Law enforcement agencies get creative to retain, recruit new officers

Nov 17, 2021, 9:40 PM | Updated: Nov 18, 2021, 11:26 am

The shortage of police and law enforcement officers isn’t unique to Utah but law enforcement agencies are getting creative in the state in their efforts to retain and attract quality individuals.

“Trying to compete with the wage war is tough,” said Salt Lake County Sheriff Rosie Rivera.

Sheriff Rosie Rivera says a smaller applicant pool has local police departments aggressively pursuing corrections officers and public safety deputies from her office.

“Of course they’re going to want to because they’re trained. They’re trained to handle difficult situations, they know how to communicate well and make excellent officers but we still need quality officers in the jail,” Rivera said.

In addition to modest raises, Rivera says they’ve spent the last few years getting creative in finding new recruits including pushing legislation that allows the sheriff’s office to hire 19-year-olds at the jail.

“We currently are the only jail doing that but speaking with other sheriff’s they are going to be seeking that out as well,” Rivera said adding that police departments can only hire candidates 21-years-old and older.

However, Rivera said considering all the perks other police departments, like Taylorsville and Salt Lake City, are offering, the competition is tough.

“Salt Lake City just announced, they are paying $2,500 to any officer that goes out and recruits someone else from outside their agency,” Rivera said. “We can’t compete with that.”

Additionally, the Salt Lake City Police Department also announced a major pay raise for officers in June.

Other police departments like North Salt Lake and Tooele have also increased pay for officers.

Last week Rivera told the Salt Lake County Council she started 2021 with a full staff of deputies positions but now she has 71 openings on the corrections side and about a dozen on the public safety side. Rivera said she started noticing deputies leaving for neighboring agencies in July, what she terms “the wage wars.”

“I just spoke at the academy yesterday, it was the first day. We only have 21 individuals in our academy, we average around 35 so that gives you an idea,” Rivera told the council on Nov. 9.

Rivera said they have a hard time attracting new candidates because many people consider police work a greater liability than the benefit of serving one’s community. She also cites low starting wages and the rising cost of living in the Salt Lake Valley.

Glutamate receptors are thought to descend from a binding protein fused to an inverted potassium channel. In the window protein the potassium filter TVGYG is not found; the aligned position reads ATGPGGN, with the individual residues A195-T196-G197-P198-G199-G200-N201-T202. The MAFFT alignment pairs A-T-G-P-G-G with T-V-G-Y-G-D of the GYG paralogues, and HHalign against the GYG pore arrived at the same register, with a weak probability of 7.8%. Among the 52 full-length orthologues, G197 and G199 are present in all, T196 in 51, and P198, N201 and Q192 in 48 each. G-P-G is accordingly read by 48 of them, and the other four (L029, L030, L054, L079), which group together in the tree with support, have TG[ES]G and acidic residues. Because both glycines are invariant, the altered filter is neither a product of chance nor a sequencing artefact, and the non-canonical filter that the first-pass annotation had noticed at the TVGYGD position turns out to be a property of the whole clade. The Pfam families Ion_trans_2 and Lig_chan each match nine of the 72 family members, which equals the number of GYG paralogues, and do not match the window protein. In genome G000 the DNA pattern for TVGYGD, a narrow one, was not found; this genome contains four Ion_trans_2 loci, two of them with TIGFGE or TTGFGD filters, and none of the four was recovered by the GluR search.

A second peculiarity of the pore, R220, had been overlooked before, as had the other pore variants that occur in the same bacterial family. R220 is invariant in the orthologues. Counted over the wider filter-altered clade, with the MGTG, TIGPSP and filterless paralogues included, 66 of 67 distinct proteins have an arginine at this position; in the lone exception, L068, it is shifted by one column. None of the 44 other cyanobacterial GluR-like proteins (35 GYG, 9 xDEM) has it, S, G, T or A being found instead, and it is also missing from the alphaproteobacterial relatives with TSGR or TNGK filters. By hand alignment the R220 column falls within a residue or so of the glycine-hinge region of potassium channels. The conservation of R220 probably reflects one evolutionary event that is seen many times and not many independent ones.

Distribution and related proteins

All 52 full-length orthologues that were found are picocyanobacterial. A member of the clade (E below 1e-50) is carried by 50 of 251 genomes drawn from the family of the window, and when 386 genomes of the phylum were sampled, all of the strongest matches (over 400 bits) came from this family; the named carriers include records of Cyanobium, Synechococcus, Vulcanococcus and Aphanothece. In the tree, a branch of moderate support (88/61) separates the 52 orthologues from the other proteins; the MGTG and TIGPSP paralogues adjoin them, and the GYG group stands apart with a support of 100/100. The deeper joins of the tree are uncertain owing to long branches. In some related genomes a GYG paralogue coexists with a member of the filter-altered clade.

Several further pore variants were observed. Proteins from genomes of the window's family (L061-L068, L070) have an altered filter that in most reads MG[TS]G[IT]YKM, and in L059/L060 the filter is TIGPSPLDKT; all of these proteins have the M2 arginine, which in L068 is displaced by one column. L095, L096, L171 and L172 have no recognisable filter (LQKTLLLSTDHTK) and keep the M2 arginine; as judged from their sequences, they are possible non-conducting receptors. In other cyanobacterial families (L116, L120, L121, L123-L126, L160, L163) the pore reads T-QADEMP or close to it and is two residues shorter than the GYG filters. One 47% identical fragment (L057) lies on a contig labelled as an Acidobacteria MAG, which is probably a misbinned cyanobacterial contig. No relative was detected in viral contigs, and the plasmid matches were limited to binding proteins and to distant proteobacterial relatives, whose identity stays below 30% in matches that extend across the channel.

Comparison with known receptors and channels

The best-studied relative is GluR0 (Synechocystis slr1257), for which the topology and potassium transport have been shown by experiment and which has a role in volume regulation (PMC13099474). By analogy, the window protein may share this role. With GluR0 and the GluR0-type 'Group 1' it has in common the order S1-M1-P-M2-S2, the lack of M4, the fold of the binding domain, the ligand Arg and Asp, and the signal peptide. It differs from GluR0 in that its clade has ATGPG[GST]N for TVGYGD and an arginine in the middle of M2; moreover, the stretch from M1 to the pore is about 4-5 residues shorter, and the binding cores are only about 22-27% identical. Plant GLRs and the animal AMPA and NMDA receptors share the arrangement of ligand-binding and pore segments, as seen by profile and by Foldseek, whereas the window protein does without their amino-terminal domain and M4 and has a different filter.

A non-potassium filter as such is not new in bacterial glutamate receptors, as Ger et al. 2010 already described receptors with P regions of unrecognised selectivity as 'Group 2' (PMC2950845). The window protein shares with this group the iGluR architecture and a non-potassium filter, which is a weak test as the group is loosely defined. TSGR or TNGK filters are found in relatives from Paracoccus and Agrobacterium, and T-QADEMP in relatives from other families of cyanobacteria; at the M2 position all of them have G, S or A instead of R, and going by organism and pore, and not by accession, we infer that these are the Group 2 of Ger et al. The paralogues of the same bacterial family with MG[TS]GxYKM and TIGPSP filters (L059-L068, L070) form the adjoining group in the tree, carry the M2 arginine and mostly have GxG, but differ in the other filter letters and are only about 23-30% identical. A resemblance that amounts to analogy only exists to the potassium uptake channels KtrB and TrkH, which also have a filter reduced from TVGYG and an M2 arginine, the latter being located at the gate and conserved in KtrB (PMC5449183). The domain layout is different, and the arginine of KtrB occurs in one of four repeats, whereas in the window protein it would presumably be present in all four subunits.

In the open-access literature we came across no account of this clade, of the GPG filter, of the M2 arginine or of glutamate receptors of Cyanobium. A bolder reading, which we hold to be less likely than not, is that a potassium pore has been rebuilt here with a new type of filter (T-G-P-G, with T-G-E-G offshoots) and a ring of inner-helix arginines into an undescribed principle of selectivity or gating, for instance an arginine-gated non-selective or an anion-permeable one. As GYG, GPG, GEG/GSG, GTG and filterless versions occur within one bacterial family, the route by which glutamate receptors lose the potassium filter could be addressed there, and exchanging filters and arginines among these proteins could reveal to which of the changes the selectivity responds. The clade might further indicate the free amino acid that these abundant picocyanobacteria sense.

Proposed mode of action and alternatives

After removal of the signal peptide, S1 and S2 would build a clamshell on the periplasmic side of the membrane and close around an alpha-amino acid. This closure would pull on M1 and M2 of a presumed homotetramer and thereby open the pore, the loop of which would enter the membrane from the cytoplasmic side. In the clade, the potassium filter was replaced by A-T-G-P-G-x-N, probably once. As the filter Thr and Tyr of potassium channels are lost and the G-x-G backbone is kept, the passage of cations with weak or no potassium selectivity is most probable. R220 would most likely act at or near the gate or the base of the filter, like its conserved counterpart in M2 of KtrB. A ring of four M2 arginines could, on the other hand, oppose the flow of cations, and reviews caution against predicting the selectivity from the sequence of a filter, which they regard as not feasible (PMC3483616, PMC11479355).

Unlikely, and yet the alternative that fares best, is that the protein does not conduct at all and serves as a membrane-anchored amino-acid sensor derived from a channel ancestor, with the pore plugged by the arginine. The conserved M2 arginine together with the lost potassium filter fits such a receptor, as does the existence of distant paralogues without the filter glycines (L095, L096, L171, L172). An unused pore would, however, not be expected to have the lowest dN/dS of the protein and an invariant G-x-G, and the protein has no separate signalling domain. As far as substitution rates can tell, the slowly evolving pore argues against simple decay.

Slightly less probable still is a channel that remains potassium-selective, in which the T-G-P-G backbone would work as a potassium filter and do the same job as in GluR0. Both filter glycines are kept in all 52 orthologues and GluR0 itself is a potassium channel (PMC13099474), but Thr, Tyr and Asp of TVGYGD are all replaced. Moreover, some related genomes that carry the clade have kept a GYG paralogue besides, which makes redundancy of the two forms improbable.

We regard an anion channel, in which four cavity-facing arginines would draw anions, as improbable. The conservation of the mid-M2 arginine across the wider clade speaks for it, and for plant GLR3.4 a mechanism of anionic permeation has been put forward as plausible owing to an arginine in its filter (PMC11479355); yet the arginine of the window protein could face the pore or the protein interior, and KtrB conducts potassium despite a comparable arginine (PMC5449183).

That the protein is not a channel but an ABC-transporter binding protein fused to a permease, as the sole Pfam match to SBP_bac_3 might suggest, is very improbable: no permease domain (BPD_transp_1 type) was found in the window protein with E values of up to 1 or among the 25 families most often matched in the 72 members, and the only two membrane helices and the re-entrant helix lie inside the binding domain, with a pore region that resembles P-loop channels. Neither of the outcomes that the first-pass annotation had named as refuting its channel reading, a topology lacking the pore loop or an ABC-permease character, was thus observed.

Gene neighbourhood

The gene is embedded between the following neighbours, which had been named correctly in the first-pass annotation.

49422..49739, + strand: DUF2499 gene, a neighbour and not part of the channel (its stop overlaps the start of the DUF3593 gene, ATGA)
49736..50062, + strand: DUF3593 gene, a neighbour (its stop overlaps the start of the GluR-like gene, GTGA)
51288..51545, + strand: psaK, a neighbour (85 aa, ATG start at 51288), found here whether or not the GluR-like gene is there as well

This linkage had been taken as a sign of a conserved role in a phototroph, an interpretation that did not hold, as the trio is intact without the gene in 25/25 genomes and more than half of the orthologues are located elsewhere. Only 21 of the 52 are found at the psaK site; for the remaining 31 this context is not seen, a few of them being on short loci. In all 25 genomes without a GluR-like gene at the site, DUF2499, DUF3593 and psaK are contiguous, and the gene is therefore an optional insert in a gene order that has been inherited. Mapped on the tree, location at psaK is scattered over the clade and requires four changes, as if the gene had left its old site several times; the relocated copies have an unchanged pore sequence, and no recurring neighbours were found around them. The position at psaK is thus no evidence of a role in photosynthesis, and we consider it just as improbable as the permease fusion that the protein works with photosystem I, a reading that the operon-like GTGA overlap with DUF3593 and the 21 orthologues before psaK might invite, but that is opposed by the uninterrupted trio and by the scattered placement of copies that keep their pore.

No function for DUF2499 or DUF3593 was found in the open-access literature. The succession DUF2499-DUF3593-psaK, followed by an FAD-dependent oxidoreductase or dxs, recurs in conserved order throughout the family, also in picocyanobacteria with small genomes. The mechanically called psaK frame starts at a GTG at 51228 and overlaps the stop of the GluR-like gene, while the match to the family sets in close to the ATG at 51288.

“I go back to the days when I got into law enforcement and there would be one or two job openings and there would be 50-100 people applying for that opening. That’s not the case anymore,” said Utah County Sheriff Mike Smith.

However, Smith said those days are long gone. He too is struggling to retain and attract new deputies. “The last year didn’t help,” Smith said.

Smith said most of his deputies are leaving for higher-paying jobs in Salt Lake County.

“Especially some of the start-up agencies up there that have come up with the phenomenal numbers,” Smith said.

Smith said they don’t have more money allocated to his office. Instead, Smith is offering more vacation and sick time to experienced deputies transferring from other departments. Experienced deputies now start with 40 hours of sick time and 40 hours of vacation from day one.

“We are really good at doing more with less but there comes a point where it’s a pretty critical piece of our communities. You can only go for so long,” Smith said.

Rivera said they’re also looking to recruit candidates from minority and refugee communities who perhaps haven’t given thought to a law enforcement career.

“For right now, it’s just you’re fighting to compete and keep those folks and what we are doing is taking a look at where else can we pull from, where can we recruit from. We’re looking at diversity, refugees and women who are historically underrepresented,” Rivera said.

Rivera said she would also support a new bill at the legislature which seeks to allow officers to retire after 20 years of service instead of 25.

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Law enforcement agencies get creative to retain, recruit new officers